By continuing to use the site you agree to our Privacy & Cookies policy

Your browser seems to have cookies disabled. For the best experience of this website, please enable cookies in your browser.


Your browser is no longer supported

For the best possible experience using our website we recommend you upgrade to a newer version or another browser.


Gagged CQC employee slams regulator at Mid Staffs inquiry

The Care Quality Commission tried to “gag” the doctor who led the Healthcare Commission’s investigation into Mid Staffordshire Foundation Trust, the public inquiry into deaths at the trust has heard.

Heather Wood, who transferred to the CQC when it succeeded the commission in 2009, was placed under a “gagging order” restricting her from criticising the regulator when she left last August after the abolition of the investigations team.

Dr Wood told the inquiry she did not have “great confidence” in the CQC uncovering similar failures as its registration regime was focused on detecting underperformance through non-compliance with its own standards, rather than identifying potential problems by learning “national lessons” of the type linked to problems at Mid Staffs.

Former Healthcare Commission chief executive Anna Walker told the inquiry she was concerned registration alone would not be “sufficient”.

Dr Wood was also critical of the regulator’s regional structure, which she suggested allowed relationships between the regulator and the regulated to become too cosy, and claimed NHS West Midlands had exerted undue influence over the CQC.

She said the strategic health authority had contacted “very senior staff” at the CQC during an investigation into GP out-of-hours service Take Care Now, resulting in criticism of the SHA being toned down in the final report.

Dr Wood also blamed pressure exerted by NHS West Midlands on CQC chief executive Cynthia Bower for a U-turn on a decision to conduct a preliminary investigation at University Hospital of North Staffordshire Trust in 2009.

Dr Wood said she had felt the investigation team’s “cards were marked” from the early days of the CQC, meaning it would be disbanded.

In her submission to the inquiry, Ms Walker also said Monitor and NHS West Midlands were keen for the commission to speed up the investigation to limit bad publicity while NHS chief executive Sir David Nicholson and the NHS leadership team were not “comfortable” with the idea.

The inquiry also heard that former Healthcare Commission and CQC communications lead Roger Davidson was subject to a gagging order. He revealed former commission chair Sir Ian Kennedy had threatened to resign if then health secretary Alan Johnson did not retract criticisms he had made of the commission’s actions regarding Maidstone and Tunbridge Wells Trust. The comments were withdrawn.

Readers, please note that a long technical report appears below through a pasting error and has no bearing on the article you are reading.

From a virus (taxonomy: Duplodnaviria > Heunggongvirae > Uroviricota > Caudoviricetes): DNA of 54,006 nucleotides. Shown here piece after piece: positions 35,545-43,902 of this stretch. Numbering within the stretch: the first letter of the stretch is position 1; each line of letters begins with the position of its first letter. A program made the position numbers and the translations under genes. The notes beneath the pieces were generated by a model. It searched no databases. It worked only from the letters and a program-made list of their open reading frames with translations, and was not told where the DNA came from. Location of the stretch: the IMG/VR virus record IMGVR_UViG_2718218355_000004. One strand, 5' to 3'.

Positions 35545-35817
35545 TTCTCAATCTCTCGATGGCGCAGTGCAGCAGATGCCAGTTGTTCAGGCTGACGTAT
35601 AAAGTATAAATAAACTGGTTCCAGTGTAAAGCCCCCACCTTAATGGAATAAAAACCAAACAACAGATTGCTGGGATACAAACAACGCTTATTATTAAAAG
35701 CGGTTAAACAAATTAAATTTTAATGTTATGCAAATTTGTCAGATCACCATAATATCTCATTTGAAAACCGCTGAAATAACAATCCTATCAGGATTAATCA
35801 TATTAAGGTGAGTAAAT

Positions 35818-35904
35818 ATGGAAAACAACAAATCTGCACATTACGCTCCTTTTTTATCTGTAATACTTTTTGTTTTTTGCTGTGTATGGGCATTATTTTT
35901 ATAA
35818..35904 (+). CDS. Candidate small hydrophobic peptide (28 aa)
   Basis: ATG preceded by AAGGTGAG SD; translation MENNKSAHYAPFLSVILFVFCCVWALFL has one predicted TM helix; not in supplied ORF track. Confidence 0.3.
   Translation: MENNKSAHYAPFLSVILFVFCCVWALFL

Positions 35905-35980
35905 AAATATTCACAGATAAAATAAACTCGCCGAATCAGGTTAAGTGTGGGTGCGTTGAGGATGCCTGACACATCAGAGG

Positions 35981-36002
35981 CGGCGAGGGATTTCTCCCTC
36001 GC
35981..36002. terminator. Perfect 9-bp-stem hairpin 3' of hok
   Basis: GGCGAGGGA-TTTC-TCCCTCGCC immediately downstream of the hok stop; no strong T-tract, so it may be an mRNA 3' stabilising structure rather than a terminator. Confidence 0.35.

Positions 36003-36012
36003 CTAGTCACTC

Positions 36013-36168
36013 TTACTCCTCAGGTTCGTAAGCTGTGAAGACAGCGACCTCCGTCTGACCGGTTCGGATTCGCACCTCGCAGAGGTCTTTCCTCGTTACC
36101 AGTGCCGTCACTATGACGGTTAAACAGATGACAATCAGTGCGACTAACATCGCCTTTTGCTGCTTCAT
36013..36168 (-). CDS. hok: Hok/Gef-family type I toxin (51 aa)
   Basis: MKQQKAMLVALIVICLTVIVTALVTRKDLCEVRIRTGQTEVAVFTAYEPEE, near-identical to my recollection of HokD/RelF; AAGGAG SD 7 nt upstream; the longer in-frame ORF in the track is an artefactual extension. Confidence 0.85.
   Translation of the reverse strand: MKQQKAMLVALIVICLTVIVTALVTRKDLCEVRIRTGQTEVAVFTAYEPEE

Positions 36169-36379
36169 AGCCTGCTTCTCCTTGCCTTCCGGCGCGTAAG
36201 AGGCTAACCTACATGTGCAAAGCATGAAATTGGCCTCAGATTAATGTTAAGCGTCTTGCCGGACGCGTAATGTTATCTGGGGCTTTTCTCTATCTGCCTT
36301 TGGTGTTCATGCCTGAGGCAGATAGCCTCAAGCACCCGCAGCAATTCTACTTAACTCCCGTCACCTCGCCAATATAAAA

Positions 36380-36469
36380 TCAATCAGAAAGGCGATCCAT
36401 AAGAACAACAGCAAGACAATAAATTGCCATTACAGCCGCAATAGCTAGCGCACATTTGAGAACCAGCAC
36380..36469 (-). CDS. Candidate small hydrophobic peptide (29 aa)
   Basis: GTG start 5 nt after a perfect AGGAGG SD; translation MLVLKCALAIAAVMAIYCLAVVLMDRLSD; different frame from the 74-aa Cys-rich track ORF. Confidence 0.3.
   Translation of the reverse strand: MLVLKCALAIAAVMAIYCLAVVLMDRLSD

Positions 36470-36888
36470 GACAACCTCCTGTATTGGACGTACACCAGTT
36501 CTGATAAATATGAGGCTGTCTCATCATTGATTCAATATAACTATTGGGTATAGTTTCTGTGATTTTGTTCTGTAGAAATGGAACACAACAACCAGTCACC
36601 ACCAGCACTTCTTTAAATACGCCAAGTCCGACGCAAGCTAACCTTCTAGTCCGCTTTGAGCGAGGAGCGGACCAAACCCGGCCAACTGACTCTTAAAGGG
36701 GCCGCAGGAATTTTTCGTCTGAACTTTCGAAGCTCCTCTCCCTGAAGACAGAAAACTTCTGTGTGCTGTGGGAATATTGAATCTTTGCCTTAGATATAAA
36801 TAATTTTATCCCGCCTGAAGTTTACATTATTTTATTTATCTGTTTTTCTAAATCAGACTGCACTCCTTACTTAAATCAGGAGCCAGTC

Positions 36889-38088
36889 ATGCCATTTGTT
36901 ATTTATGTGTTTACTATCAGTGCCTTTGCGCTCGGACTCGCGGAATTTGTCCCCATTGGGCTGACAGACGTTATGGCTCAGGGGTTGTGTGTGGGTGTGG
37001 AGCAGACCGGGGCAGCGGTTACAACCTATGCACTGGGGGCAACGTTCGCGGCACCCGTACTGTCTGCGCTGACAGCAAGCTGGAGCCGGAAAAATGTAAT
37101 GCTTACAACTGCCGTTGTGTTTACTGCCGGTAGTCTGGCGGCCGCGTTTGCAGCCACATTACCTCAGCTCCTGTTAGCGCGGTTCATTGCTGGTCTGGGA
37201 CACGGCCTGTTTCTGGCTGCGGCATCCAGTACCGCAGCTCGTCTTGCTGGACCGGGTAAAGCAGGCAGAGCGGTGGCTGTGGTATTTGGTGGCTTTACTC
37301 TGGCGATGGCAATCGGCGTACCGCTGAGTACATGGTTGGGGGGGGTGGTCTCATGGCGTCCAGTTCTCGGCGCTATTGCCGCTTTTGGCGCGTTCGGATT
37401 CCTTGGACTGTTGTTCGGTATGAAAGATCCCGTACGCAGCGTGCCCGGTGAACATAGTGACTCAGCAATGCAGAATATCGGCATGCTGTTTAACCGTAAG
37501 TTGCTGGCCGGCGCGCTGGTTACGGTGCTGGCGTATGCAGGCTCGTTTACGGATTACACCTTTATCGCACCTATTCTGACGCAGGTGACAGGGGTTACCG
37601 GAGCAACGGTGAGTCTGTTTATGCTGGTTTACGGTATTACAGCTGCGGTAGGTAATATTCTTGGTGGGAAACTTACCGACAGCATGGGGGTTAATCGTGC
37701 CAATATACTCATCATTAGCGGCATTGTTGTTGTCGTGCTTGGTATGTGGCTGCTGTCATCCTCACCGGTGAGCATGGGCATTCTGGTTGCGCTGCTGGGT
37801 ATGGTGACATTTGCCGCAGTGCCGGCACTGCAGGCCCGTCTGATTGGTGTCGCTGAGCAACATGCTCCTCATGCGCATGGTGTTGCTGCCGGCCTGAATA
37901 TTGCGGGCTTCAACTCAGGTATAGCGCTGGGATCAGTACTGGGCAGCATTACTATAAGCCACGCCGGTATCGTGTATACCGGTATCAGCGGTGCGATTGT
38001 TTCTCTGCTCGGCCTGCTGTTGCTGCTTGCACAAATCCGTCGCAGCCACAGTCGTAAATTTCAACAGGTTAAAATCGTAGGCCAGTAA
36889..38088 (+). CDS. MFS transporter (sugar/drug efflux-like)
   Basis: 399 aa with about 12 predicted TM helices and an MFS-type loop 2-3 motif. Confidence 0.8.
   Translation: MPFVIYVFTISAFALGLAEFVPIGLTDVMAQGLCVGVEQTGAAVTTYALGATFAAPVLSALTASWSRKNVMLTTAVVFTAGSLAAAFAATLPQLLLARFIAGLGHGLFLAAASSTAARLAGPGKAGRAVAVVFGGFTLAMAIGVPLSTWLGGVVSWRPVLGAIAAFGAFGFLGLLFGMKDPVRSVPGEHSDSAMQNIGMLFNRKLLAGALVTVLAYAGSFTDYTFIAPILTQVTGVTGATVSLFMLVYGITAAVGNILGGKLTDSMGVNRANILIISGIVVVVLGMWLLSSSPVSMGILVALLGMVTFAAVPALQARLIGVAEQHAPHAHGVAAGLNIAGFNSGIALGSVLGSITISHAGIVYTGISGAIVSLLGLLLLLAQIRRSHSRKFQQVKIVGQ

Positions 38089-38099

The inquiry continues.

Readers' comments (4)

  • Wow - this is really starting to unravel. Cover-ups, gagging clauses, threats....Mid Staffs-gate has a long way to run yet. Some very senior figures must be very worried that the truth will out.

    Unsuitable or offensive?

  • Is this really a surprise to anyone?

    Unsuitable or offensive?

  • Daniel Steenstra

    This demonstrates that there is a culture of no accountability and a perverse reward for failure in the NHS. When Gordon Brown was found asleep at the metaphorical wheel, whilst supposedly steering the UK economy, the UK electorate was able to boot him out, despite a flawed election system.

    In a previous article in HSJ Cynthia Bower, now head of the Care Quality Commission stated that the SHA ‘did not have the capacity to have a detailed oversight of the region’s health services’. So if having a detailed oversight is not part of its activities what does a SHA do then? What did she do to develop this capacity?

    At the time of the troubles at Stafford, Sir David Nicholson, now Chief Executive of the NHS, was in charge of the SHA and so involved in overseeing the merger that his organisation (HSJ 18 April 2011) failed to attend to its core business of spotting problems.

    With these people at the wheel again of this time a much larger whole NHS re-organisation we can all go to sleep again – will we wake up though?

    Unsuitable or offensive?

  • It is common knowledge among senior staff that, when when ex-colleagues of Bower's from the West Midlands area want anything, then they indulge that friendship and contact her direct for a few strings to be pulled. Unfortunately, as certain of the executive team are puppets they just react as instructed.

    Unsuitable or offensive?

Have your say

You must sign in to make a comment.

Share this

Post a comment

Related images

Related Jobs

Sign in to see the latest jobs relevant to you!

Sign up to get the latest health policy news direct to your inbox